That and the fact that I'm completely obsessed with ProjectNoah.com. It's a fantastic site to talk to people who do a lot of what I do here.
Anyway, on Memorial Day, May 31, I hiked all three ponds on one of the very first 90 degree (F) we had this year. The weather has been very slow to warm up which has kept the cold-bloodeds in hiding for a long, long time. They're *just* making their way out now, as the migratory birds (the warblers and some of the finches, etc...) make their way up and out of the city.
|Sign of Summer|
I'll need to go back and check my posts from last year, but I think I was identifying all the bright red dragonflies like this as Red Saddlebags, but while checking this a few dozen times before putting it up on Project Noah (I *love* that people there will correct you if you get a spotting wrong, but I'd prefer to get it right myself the first time if I can.) Anyway, it turns out that this is, in fact, a Carolina Saddlebags. You can tell because a Red has these clear patches on their wings right where they attach to the body. This one is red to the abdomen, so it's a Carolina. Another tell is that the last couple segments on the Carolina are dark brown or black. They're the same red as the rest of the tail on the Red Saddlebags.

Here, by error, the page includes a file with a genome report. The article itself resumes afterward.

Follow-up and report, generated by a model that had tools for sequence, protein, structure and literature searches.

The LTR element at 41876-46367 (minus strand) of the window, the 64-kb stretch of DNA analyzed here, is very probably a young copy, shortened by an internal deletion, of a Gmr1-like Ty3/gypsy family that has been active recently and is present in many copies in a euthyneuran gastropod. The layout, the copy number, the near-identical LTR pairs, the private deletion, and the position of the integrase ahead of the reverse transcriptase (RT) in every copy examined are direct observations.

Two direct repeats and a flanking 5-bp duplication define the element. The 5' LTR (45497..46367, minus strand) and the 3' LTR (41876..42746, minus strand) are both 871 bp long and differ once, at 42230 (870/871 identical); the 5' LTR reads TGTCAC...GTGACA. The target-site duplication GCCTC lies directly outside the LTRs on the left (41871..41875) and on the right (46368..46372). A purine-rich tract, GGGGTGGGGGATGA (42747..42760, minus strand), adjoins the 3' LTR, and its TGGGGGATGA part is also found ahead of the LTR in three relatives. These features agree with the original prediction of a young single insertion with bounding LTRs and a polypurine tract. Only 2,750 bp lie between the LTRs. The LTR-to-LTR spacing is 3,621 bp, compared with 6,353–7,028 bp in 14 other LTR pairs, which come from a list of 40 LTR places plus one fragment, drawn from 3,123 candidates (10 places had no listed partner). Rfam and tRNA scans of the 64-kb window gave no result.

|First Spotting of a Twelve Spotted|
|Red Ears with Their Eyes on Me|
|A Bee on a Bud|
The bees are making their way out too. Here's a honey bee checking out the early goldenrod.
Okay, so this guy clearly isn't cold-blooded, but I was really chuffed over this sequence of shots I got of him coming in for a landing.